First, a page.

Poly High

Unknown Mortal Orchestra explores the concept of loving more than one on Multi-Love

Unknown Mortal Orchestra's latest album started with a phrase.

"Multi-Love" popped into the head of Ruban Nielson, the composer, producer, songwriter and mastermind behind UMO a couple years ago and right away, he toyed with the idea of using it as an album name, bucking the trend of a self-titled debut album and its follow up, "II."

"But what was it? What did it mean? Why did it seem important? That got me started," says Nielson via email. "My plan was to have very simple album titles, but it's more fun to scrap the plan sometimes, because then even I'm surprised."

The songs on "Multi-Love" deal, unsurprisingly, with love and relationships, longing and loss.

"The writing on this album was more abstract, riddles that slightly disrupt the flow," he writes. "A good lyric was something that didn't quite sit right. I don't want to be sad or nostalgic about these relationships. I want to be more celebratory. It's a feeling and desire that just came from time, being further away from it all. It was never going to be simple. I'm a bit wild, and was never going to just be normal."

After UMO's last album was released, Nielson experienced a much-publicized polyamorous relationship, echoes of which reverberate across "Multi-Love."

But aside from the lyrics, the new record expands on the elements of funk, soul and new-wave that color Nielson's psychedelic sound.

"I wanted to be the guy behind the scenes, to demonstrate multiple skills and make it transparent. I spent a lot more time on it and was given a budget by my label Jagjaguwar. It was similar but more involved," he writes. "I just wanted to make a happier album that was about the present rather than the past."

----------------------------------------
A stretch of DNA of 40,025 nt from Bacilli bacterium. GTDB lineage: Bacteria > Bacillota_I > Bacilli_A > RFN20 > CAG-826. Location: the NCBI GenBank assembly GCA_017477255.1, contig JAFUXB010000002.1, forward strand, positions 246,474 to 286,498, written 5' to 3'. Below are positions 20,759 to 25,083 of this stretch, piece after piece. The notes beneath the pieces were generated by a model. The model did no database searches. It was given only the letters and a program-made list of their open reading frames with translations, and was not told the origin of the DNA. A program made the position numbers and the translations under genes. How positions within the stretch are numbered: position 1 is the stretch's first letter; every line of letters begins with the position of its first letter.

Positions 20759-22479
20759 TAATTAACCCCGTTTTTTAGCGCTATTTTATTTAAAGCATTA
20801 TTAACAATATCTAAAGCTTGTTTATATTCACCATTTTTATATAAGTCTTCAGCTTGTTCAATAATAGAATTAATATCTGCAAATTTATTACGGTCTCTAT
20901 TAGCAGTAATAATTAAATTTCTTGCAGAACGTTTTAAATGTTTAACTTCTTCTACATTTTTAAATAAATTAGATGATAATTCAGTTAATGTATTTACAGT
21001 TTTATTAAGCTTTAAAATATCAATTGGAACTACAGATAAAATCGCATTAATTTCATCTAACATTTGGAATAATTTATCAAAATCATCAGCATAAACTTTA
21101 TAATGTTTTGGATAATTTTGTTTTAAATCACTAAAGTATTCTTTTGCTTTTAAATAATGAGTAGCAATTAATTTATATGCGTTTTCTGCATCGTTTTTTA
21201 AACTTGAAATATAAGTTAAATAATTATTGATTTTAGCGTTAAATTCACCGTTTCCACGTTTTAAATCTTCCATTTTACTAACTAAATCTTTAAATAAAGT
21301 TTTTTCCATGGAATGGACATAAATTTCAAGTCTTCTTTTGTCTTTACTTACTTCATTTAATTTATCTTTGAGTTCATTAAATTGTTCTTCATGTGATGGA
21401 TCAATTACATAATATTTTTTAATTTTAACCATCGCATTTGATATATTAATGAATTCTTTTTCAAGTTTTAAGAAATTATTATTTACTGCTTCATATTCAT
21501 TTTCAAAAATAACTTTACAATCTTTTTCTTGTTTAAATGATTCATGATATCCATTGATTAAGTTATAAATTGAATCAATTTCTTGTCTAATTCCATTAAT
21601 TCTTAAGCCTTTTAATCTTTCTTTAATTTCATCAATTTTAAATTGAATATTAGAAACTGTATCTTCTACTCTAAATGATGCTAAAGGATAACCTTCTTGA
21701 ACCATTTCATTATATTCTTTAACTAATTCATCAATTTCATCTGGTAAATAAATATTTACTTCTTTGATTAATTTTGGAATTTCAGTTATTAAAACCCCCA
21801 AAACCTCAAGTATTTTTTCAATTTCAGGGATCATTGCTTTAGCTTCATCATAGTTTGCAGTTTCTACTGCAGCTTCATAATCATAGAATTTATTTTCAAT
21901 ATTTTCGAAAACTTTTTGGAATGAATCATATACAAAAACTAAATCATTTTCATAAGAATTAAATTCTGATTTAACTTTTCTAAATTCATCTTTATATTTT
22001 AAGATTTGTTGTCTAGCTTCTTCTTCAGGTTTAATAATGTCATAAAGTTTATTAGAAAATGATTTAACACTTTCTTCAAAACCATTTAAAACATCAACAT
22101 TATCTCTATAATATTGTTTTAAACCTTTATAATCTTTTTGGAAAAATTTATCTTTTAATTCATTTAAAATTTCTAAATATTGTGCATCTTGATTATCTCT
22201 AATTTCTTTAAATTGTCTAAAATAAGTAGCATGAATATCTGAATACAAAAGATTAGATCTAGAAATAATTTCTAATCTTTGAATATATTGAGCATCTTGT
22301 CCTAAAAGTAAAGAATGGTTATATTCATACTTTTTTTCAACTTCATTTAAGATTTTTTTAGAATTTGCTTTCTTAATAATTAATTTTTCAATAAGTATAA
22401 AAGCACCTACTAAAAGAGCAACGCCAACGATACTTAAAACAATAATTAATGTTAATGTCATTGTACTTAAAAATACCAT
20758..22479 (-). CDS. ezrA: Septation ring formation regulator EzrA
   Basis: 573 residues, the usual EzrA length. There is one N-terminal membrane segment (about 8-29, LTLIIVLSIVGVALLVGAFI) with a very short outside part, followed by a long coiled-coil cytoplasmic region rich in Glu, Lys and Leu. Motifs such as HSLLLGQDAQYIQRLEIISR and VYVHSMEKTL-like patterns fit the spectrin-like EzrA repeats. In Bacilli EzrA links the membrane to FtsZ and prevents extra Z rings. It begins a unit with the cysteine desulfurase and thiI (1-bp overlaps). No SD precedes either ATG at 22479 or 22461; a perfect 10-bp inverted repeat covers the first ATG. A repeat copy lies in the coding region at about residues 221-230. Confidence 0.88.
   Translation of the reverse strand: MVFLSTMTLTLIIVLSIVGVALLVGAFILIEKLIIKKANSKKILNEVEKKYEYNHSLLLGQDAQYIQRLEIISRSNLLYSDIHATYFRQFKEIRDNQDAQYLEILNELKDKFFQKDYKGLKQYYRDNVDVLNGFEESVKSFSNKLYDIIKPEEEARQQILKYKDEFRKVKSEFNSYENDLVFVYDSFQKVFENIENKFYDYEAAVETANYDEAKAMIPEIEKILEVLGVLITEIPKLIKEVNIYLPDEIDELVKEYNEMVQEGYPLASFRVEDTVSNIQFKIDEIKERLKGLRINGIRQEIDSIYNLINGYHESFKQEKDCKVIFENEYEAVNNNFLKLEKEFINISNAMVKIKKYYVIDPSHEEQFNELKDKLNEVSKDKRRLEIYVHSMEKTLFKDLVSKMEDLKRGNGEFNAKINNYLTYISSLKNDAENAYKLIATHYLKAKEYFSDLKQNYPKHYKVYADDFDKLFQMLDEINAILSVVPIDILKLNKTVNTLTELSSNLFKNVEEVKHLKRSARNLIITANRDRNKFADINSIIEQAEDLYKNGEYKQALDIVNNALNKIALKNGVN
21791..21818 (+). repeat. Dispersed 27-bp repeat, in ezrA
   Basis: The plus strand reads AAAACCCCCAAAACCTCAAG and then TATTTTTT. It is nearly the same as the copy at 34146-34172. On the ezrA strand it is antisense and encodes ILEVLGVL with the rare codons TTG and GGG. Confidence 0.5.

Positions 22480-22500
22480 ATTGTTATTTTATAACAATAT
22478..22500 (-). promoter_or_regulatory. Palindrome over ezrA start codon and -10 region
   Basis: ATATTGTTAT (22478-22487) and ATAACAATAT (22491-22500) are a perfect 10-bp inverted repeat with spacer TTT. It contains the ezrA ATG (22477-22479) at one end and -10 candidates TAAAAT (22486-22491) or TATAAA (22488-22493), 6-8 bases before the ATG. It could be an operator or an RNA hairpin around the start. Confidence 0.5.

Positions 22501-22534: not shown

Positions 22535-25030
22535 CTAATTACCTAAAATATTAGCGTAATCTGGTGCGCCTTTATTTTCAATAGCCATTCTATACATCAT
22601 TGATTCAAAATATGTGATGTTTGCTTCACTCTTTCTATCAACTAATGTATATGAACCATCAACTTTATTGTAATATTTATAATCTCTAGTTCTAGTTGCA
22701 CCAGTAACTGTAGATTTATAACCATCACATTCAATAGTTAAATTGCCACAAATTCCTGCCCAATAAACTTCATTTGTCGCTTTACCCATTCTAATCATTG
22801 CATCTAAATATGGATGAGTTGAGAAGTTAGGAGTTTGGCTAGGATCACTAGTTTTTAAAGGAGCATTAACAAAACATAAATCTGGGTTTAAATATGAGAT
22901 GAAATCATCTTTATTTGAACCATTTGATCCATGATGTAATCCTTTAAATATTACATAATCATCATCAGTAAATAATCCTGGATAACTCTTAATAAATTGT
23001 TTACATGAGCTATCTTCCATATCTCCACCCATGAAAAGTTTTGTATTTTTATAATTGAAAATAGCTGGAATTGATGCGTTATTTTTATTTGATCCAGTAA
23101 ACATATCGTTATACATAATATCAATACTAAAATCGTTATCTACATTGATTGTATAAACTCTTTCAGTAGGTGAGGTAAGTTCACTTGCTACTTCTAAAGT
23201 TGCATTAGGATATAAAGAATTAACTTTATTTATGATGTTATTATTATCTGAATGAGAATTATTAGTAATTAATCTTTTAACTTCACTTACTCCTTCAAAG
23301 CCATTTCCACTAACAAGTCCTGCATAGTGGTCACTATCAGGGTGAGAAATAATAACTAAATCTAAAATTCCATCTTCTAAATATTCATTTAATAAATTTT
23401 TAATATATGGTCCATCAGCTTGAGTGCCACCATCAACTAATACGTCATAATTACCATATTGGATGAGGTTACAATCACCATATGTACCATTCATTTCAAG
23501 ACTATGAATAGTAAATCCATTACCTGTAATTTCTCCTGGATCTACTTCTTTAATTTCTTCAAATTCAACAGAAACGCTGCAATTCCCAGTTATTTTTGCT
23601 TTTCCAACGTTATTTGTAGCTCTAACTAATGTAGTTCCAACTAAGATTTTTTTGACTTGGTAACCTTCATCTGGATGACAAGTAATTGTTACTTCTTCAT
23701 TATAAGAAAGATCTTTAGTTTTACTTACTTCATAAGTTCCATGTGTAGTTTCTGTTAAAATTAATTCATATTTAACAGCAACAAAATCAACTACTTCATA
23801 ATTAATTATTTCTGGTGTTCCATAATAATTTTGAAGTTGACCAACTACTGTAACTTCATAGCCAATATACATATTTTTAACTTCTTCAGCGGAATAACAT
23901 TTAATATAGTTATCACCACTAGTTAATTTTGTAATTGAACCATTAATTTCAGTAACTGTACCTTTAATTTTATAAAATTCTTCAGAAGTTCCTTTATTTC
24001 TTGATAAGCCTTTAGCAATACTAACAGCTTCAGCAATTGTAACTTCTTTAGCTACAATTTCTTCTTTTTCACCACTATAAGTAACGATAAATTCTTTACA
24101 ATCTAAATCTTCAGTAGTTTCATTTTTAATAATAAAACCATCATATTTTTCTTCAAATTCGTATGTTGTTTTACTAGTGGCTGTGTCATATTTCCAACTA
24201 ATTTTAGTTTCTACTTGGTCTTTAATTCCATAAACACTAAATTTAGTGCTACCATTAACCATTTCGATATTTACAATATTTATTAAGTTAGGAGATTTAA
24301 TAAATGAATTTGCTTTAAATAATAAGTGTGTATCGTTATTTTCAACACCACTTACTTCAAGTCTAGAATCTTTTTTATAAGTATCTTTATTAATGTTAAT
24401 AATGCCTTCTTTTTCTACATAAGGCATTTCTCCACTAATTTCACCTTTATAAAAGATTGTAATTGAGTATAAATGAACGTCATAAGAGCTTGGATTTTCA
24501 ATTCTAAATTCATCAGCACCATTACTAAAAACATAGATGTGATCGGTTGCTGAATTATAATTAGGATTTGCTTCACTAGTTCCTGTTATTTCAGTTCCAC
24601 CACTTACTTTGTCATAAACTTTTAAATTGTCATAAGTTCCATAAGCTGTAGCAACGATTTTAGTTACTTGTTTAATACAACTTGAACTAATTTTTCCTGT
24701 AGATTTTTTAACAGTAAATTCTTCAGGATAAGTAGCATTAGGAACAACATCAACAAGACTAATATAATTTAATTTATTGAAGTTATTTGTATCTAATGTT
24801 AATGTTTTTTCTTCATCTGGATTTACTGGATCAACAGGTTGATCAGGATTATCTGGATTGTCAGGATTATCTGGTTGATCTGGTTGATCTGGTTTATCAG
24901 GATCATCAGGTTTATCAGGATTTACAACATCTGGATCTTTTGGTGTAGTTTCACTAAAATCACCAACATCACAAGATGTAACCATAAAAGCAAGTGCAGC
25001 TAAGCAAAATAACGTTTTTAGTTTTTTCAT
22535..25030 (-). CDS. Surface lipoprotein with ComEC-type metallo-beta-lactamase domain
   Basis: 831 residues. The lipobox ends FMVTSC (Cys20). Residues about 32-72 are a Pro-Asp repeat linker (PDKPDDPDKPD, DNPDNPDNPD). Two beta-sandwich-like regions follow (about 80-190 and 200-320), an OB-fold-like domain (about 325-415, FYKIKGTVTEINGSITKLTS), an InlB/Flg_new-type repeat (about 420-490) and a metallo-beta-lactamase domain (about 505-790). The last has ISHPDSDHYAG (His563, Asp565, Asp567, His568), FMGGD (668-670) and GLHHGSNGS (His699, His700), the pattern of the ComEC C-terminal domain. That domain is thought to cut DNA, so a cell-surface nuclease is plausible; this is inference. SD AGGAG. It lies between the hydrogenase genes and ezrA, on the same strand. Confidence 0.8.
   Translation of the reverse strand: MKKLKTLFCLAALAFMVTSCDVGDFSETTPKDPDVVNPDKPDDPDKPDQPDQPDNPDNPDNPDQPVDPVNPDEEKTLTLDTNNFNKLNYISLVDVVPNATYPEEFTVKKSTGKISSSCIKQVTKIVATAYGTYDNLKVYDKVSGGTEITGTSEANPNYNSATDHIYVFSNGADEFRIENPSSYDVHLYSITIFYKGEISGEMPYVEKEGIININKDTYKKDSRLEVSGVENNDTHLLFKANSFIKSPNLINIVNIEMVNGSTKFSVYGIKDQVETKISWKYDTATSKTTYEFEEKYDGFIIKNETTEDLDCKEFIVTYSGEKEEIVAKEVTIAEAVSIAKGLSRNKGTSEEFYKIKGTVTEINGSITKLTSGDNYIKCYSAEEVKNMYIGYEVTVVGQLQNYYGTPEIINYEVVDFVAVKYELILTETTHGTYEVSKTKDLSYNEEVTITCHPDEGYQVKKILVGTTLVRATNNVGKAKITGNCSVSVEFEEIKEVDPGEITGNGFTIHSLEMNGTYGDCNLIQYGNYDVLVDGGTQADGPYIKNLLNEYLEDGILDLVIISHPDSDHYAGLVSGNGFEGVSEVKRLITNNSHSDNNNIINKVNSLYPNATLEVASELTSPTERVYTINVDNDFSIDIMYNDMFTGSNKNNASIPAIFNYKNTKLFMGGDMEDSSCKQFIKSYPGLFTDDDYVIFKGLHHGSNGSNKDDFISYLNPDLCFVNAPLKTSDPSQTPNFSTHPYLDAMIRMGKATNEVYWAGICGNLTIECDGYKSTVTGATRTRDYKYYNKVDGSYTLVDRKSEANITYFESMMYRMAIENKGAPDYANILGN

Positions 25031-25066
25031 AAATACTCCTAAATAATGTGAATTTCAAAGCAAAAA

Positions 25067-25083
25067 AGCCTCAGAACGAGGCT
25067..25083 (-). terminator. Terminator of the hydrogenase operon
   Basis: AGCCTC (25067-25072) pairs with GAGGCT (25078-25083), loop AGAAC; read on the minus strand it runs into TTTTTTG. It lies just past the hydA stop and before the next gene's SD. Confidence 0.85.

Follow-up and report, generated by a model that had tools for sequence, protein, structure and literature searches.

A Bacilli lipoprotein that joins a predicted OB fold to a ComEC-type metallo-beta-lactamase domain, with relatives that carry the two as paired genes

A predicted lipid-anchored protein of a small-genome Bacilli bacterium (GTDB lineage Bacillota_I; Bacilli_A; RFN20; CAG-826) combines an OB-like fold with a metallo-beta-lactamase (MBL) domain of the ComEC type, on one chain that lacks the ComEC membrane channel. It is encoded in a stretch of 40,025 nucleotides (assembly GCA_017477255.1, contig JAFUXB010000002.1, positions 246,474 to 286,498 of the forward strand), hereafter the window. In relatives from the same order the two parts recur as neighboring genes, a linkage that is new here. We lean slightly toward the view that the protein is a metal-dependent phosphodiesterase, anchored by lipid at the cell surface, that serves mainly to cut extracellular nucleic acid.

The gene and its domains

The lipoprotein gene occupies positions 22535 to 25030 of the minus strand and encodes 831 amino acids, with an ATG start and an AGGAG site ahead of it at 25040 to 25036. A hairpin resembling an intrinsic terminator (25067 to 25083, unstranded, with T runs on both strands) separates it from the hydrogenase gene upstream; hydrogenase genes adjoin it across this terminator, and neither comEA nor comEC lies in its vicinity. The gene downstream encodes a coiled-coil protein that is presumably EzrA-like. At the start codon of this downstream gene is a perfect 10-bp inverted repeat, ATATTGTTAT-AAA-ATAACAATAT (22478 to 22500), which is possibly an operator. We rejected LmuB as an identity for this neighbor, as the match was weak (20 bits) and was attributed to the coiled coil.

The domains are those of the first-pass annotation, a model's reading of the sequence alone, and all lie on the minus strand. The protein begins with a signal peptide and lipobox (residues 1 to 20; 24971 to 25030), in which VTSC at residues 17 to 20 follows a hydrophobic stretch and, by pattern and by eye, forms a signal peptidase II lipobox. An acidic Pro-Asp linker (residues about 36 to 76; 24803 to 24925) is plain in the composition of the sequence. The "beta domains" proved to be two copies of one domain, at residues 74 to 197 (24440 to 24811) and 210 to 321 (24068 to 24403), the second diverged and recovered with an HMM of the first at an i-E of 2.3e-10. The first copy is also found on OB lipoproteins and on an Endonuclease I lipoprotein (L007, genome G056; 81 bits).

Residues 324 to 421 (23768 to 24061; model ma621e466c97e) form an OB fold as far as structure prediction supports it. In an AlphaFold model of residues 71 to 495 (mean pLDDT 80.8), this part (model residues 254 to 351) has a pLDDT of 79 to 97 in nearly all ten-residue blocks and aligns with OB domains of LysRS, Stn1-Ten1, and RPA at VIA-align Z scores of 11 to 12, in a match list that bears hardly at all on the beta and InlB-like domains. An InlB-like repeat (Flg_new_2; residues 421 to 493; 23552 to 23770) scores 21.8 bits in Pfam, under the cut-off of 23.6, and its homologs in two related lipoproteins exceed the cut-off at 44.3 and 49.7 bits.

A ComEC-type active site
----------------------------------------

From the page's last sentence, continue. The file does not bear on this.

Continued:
Also joining the Unknown Mortal Orchestra for the first time are Nielson's father, an accomplished horn player, and his brother Kody, who played with Ruban in The Mint Chicks, a punk band that originated in Auckland, New Zealand, where the brothers grew up. Aside from their musical contributions, they added a familial component to expand on the notion of "Multi-Love."

"It was cool. My brother's drums are a distinctive part of the record, and his piano playing appears as well. Dad's saxophone and trumpet really complete two of the songs. It was cool to be able to spend time with them and create something. As life moves on, it's hard to find time like that with family."

For a band that emerged as anonymously as possible—Nielson posted his first UMO song "Ffunny Ffrends" to Bandcamp in 2010, with no further identifying information – the project has come to embrace the idea of playing to a waiting audience. The change impacts the music, Nielson admits.

"A little bit. It makes me work harder on it. I'm really lucky to do what I love for a living and I want to make the best quality music possible," Nielson writes.

Though Nielson recorded Multi-Love in basement studio, adding banks of keyboards to the previously guitar-driven sound, Unknown Mortal Orchestra is no longer just his project. Live, bassist Jake Portrait, drummer Riley Geare and keyboardist Quincy McCrary add their own voices to Nielson's compositions.

"The guys in my band are all accomplished musicians in their own right, so I like to give them room to show people what they're capable of, so they're much more than a backing band. They contribute ideas and improvisations," he writes.

The record was a deeply personal one for Nielson but despite that, he's happy to share it. Searching and self-reflection, after all, like love, pain and joy, are common experiences, shared by all.

"I'm glad I had this opportunity, and if I made someone's life easier with the album, that's the closest reason that exists for making art that I've been able to find," he writes.

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